Night Bazaar’s Last Man Standing

Will Langston takes a rather disheartening wander around the once-bustling Night Bazaar. He finds one man standing…Mr. Suwan, whose glass bong shop is valiantly holding on.

By | Wed 24 Nov 2021

As the sun sets in northern Thailand the bustling streets of Chiang Mai’s Night Bazaar market fills with scores of shoppers and travelers. Located on the popular Chang Klan Road, the renowned market offers visitors a vibrant and unique shopping experience. Everyday at 5PM Chiang Mai vendors set up shop throughout the long bazaar corridors selling a variety of goods and edibles. Metal roll-up-doors slide open to reveal fish spas and souvenir shops. Assorted table vendors sell cheap sunglasses, elephant pants and Thai souvenirs that are set up along the bustling road. Hundreds of merchants and vendors occupy the vibrant Night Bazaar as they supply travelers with the unique northern market experience that they crave.

These merchants and vendors, however, have disappeared.

COVID has ripped through Chiang Mai and has taken the jobs of many of the city’s locals. The virus’ effects on Chiang Mai’s working class has taken its toll and the aftermath has left the famous Night Bazaar in disarray for months. The lively market has been transformed into a deserted commercial labrinth that feels more like an apocalyptic zombie film set. A creepy aura radiates from the warm memories of yesterday. Dusty Muay Thai boxing posters and foot massage fliers litter the walls and floors of the dingy market halls. Rusty storefront doors remain shut and padlocked. Yellow caution tape and ‘Do Not Pass’ signs decorate the area producing a haunted house ambiance. The Night Bazaar’s drab new form has remained this way since the outbreak.

But, while much of the bazaar lies in still darkness, a faint light remains. While out walking and photographing the darkened market one evening  I noticed a single shop owner’s stall-light illuminating a small stretch of darkened market stalls. With gray hair, a plaid shirt and arms placed neatly on the counter, he stood in wait for customers. “My shop is called Tib-Tee Shop,” he said from behind a disposable surgical mask, “We sell glass and ceramic souvenirs. Please let me know if I can help you with something.”

The warm shop owner told me that he was known simply as Mr. Suwan. ‘I am 70 years old,” he said, “I was born in Ayutthaya City and I moved to Chiang Mai about 10 years ago. I have had the shop here ever since.” He stood behind a glass showcase containing rolling papers, novelty lighters and interesting glassware.

Mr. Suwan described the effects that COVID has had on his small business, “Business is very bad. Because of the COVID virus no customers come to Chiang Mai.” He described how tourism was a huge driving force behind his unique business and that he has had to adjust to the circumstance and cater to his existing customers, “I only sell from 6PM to 8:30PM and I only sell to 2 or 3 people a day. I sell to my customers because they are my members. Only my members buy from me right now. When they order from me I send it using GRAB.”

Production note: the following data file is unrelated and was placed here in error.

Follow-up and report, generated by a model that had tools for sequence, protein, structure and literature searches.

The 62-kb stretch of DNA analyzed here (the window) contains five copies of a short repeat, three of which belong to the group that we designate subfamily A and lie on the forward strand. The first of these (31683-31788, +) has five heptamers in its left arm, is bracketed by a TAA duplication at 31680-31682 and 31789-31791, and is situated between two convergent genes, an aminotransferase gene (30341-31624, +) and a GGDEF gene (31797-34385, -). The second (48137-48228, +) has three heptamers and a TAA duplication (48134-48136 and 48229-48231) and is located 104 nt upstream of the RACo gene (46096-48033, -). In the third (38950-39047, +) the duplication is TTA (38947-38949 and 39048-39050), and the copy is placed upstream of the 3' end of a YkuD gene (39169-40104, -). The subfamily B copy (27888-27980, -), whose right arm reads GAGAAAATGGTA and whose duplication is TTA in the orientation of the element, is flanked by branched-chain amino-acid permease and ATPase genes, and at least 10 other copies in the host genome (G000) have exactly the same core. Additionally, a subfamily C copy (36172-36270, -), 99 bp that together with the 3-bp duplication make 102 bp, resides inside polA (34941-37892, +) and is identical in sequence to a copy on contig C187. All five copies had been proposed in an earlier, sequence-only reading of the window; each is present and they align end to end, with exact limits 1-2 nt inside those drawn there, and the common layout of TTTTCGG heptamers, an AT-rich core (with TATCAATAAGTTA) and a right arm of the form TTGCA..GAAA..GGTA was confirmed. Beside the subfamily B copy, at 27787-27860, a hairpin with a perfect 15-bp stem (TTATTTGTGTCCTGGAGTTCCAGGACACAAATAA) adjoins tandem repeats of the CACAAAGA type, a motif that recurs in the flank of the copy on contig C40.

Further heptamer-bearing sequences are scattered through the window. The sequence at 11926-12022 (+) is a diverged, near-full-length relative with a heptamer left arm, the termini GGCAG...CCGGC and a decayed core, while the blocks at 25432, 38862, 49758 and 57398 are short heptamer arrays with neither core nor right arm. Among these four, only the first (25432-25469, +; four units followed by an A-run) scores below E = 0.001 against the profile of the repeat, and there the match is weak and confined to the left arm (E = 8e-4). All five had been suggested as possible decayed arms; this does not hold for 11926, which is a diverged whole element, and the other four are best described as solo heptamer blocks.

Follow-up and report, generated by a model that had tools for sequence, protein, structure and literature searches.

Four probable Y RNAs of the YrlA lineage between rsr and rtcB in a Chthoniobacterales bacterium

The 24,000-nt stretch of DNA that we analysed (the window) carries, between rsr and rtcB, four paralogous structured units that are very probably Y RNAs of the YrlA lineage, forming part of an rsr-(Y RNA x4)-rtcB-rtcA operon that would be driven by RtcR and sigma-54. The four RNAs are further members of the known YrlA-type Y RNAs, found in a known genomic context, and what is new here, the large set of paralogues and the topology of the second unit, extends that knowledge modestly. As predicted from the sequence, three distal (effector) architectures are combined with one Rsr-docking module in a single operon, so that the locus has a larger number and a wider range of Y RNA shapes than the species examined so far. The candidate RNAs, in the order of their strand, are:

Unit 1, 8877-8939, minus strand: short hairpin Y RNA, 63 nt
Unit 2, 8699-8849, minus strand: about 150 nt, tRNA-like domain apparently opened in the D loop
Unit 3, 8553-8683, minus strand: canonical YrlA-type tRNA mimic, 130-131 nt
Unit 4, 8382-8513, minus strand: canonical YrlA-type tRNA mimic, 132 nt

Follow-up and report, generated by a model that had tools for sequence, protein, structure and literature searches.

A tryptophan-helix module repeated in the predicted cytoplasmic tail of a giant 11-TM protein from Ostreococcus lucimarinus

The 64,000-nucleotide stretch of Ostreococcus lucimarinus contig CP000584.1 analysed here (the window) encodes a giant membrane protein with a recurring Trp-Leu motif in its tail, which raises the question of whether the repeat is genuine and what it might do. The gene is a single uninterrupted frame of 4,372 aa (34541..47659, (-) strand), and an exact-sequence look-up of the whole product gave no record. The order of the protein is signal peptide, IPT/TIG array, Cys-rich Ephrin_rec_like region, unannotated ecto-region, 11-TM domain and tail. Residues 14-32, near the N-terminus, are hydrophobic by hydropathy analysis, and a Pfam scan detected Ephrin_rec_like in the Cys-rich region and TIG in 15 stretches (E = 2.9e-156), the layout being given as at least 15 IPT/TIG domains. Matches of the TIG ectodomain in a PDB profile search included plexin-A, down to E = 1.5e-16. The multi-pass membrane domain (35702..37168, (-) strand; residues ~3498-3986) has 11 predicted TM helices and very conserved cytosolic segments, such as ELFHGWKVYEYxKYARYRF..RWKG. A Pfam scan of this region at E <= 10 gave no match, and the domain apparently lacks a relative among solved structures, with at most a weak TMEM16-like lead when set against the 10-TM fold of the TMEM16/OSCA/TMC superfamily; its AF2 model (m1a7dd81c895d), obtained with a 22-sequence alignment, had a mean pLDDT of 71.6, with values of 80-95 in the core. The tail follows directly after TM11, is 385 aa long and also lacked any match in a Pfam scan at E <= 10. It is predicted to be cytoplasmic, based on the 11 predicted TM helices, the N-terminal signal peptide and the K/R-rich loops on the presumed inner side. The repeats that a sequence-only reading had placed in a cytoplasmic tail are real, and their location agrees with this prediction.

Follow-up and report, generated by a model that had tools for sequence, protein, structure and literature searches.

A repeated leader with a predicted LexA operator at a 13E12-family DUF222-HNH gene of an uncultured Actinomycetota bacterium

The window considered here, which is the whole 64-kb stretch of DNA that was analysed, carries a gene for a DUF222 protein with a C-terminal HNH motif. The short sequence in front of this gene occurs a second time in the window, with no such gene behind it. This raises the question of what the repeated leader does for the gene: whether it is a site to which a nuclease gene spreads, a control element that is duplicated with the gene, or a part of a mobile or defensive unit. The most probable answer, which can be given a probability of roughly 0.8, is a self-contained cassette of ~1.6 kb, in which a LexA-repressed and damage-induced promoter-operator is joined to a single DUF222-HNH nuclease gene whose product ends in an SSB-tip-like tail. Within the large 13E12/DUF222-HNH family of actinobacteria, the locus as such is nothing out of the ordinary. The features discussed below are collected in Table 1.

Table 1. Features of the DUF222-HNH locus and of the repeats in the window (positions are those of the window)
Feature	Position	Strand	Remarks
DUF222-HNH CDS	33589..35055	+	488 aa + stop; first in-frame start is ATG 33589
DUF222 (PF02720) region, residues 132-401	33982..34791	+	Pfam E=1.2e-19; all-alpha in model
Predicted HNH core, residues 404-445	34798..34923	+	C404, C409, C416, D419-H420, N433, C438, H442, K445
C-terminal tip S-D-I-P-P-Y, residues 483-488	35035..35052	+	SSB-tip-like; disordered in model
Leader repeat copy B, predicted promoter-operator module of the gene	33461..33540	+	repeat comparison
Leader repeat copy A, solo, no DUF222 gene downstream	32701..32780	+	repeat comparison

A family man at heart, Mr. Suwan spoke on the challenging livelihood he and his family had been experiencing, “It’s difficult. I only spend a little money. Not too much right now. We only eat and drink a little. Not too much. I have 3 children and 1 wife.” He smiled with his eyes behind his mask as he spoke, “No business now. All closed. Only one shop left in the night bazaar. Only one shop. We are waiting until COVID is gone.”

With the vaccine more available than ever in Thailand, Mr. Suwan had a bigger message for the rest of Thai people. “I have the vaccine already and my wife too. All Thai people should get a vaccine because it’s healthy. It’s healthy because it’s easy to die with COVID. The vaccine can help with that,” he concluded wishfully, “If COVID goes away and the tourists come back then the economy can come back, too.”

With the end of COVID a continual unknown, Mr. Suwan said he would remain strong, “I don’t know when the Night Bazaar will reopen. I am a little bit sad. I never cry, but I always try. Su-Su.”

With sightseers, travelers and potential bazaar customers slowly on the return, the Night Bazaar’s reopening would seem inevitable. As of November, smaller souvenir tables have slowly started popping up around Tib-Tee. November 1st marked the welcoming of vaccinated tourists to the Kingdom; A big win for the Thai tourism industry. Vaccinated tourists from over 60 countries are now welcome in Thailand quarantine-free. Easing of restrictions like November 1st’s from The Tourism Authority of Thailand (TAT) promises a brighter future for the Night Bazaar and other Thai markets.

While waiting on the return of the vibrant Night Bazaar market stop by Tib-Tee to see Mr. Suwan for all your glass and ceramic souvenir needs, “We are open every day,” Mr. Suwan said, “But, please remember, I speak English only a little bit, not very well.”

Contact Bong Chiang Mai by Tib-Tee: